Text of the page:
What does the Buddha advise? Let go.

“Whatever is not yours: let go of it. Your letting go of it will be for your long-term happiness & benefit. And what is not yours?”

Na Tumhaka Sutta, SN 35.101

Everything. Our senses, forms perceived by our senses, sense-consciousness, and the pleasure, pain, or neutral feelings that arise of sense-consciousness, for all of these the Buddha advises “let go of it. Your letting go of it will be for your long-term happiness & benefit.” Even the Dharma itself should be let go, at a certain stage. Perhaps I’m not at that stage yet, but I can practice letting go of these things.

Let go, like the hand releasing, like the muscles relaxing into sleep, like the breath leaving the lungs, like the still point between the exhale and the next inhale, like the clouds passing through a sky that never seeks to detain them, like time flowing without heed for our little cares. Let go.

Let go of pride in my accomplishments. Let go of satisfaction. Let go of fear, both baseless and well founded. Let go of anticipation.

In a mundane sense, I do that by breathing and centering myself in the breath, being aware just of the breath, then slowly of other sensations, without grasping. It’s like being a participant-observer, an anthropologist in the life of a person called “Monica.” It’s being present.

Honestly, when I can get to that place, it’s very relaxing. It’s stress-free, but not in the sense of idleness or apathy. There’s still a lot of work do to in that place, but it’s the work of liberation, not the work of grasping.

It’s like tilling a garden by tilling a garden, rather than tilling a garden by worrying it will rain too much this year and kill the plants and looking up long-term weather forecasts. Tilling is hard and rewarding work and worrying about next month’s weather changes it not one bit.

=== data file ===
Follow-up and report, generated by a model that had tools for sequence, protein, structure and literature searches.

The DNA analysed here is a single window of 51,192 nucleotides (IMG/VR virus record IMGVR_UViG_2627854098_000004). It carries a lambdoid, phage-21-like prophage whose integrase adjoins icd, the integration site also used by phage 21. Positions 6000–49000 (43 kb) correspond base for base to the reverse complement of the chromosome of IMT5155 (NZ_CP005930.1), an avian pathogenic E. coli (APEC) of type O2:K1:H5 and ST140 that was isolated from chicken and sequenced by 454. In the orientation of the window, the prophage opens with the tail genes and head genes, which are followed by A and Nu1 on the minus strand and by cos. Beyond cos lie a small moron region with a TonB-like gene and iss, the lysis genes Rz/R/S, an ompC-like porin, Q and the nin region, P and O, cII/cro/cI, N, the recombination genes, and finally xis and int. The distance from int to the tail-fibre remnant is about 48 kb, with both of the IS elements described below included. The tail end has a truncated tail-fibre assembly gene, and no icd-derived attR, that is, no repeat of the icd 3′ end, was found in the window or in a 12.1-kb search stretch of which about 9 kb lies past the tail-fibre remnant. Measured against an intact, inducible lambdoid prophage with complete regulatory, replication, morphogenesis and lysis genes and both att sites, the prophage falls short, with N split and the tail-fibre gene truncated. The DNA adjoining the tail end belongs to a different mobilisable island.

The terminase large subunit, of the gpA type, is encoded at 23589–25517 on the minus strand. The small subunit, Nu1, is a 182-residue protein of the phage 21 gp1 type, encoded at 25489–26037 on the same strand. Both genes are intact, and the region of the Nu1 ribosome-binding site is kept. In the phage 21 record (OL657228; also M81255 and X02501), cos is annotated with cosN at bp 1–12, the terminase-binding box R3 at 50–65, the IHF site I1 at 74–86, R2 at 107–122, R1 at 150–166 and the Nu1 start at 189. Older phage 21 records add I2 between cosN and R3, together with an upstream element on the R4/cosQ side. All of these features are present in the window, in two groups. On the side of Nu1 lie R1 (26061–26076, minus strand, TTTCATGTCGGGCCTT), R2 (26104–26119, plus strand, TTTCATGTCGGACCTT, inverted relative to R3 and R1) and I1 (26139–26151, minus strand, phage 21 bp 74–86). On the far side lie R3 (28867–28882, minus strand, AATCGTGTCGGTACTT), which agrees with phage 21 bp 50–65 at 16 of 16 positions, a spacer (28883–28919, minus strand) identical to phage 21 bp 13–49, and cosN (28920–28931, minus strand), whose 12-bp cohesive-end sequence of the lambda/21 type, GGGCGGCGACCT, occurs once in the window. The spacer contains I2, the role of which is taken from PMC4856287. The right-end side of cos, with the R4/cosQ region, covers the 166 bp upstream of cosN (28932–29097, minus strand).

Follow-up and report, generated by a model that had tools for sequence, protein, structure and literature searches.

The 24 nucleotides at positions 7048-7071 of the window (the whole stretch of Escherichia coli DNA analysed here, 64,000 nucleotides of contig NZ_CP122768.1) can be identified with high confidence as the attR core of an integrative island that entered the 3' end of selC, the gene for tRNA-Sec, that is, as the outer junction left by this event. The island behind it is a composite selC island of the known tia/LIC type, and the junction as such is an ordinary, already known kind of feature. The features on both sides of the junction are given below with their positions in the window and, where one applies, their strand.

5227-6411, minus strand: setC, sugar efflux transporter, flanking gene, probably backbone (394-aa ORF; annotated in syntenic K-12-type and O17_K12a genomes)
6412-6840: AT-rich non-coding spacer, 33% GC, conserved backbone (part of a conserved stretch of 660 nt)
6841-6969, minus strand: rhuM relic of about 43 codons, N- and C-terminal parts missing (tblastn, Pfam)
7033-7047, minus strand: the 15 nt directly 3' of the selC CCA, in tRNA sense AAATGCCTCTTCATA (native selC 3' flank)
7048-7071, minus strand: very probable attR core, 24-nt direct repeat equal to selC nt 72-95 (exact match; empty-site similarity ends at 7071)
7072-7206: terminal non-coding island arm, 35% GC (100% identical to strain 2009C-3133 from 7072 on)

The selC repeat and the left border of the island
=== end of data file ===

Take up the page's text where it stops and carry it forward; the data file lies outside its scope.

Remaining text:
I feel like some people may misunderstand me when I say I wish to let go of pride and satisfaction. They may think I am also eschewing all positive emotions, like happiness or joy. That is the opposite of what I mean.

Because clinging creates fear of loss, it also creates an aversion to joy. I’m afraid to be happy because I’m waiting to be disappointed. I’m waiting for the other shoe to drop.

Letting go is neither attachment nor aversion. The opposite of attachment is not detachment; it is, rather, non-attachment. When I let go of pride and satisfaction, I also let go of fear and anticipation because they are inextricably bound up in my psyche.

The thing to let go is desire itself, tanha or craving. Wanting and not wanting don’t change having and not having, only our relationship to that which is. It is in that relationship to that which is that suffering arises. Not pain, mind you, but suffering like foreboding joy and fear of loss.

Brené Brown prescribes gratitude as an antidote to foreboding joy. I find this a very suitable prescription, especially when combined with letting go. When I want very little, yet have much (and I do have much, in the form food, shelter, companionship, work, and basic physical safety). Brown writes that:

For those welcoming the experience, the shudder of vulnerability that accompanies joy is an invitation to practice gratitude, to acknowledge how truly grateful we are for the person, the beauty, the connection, or simply the moment before us.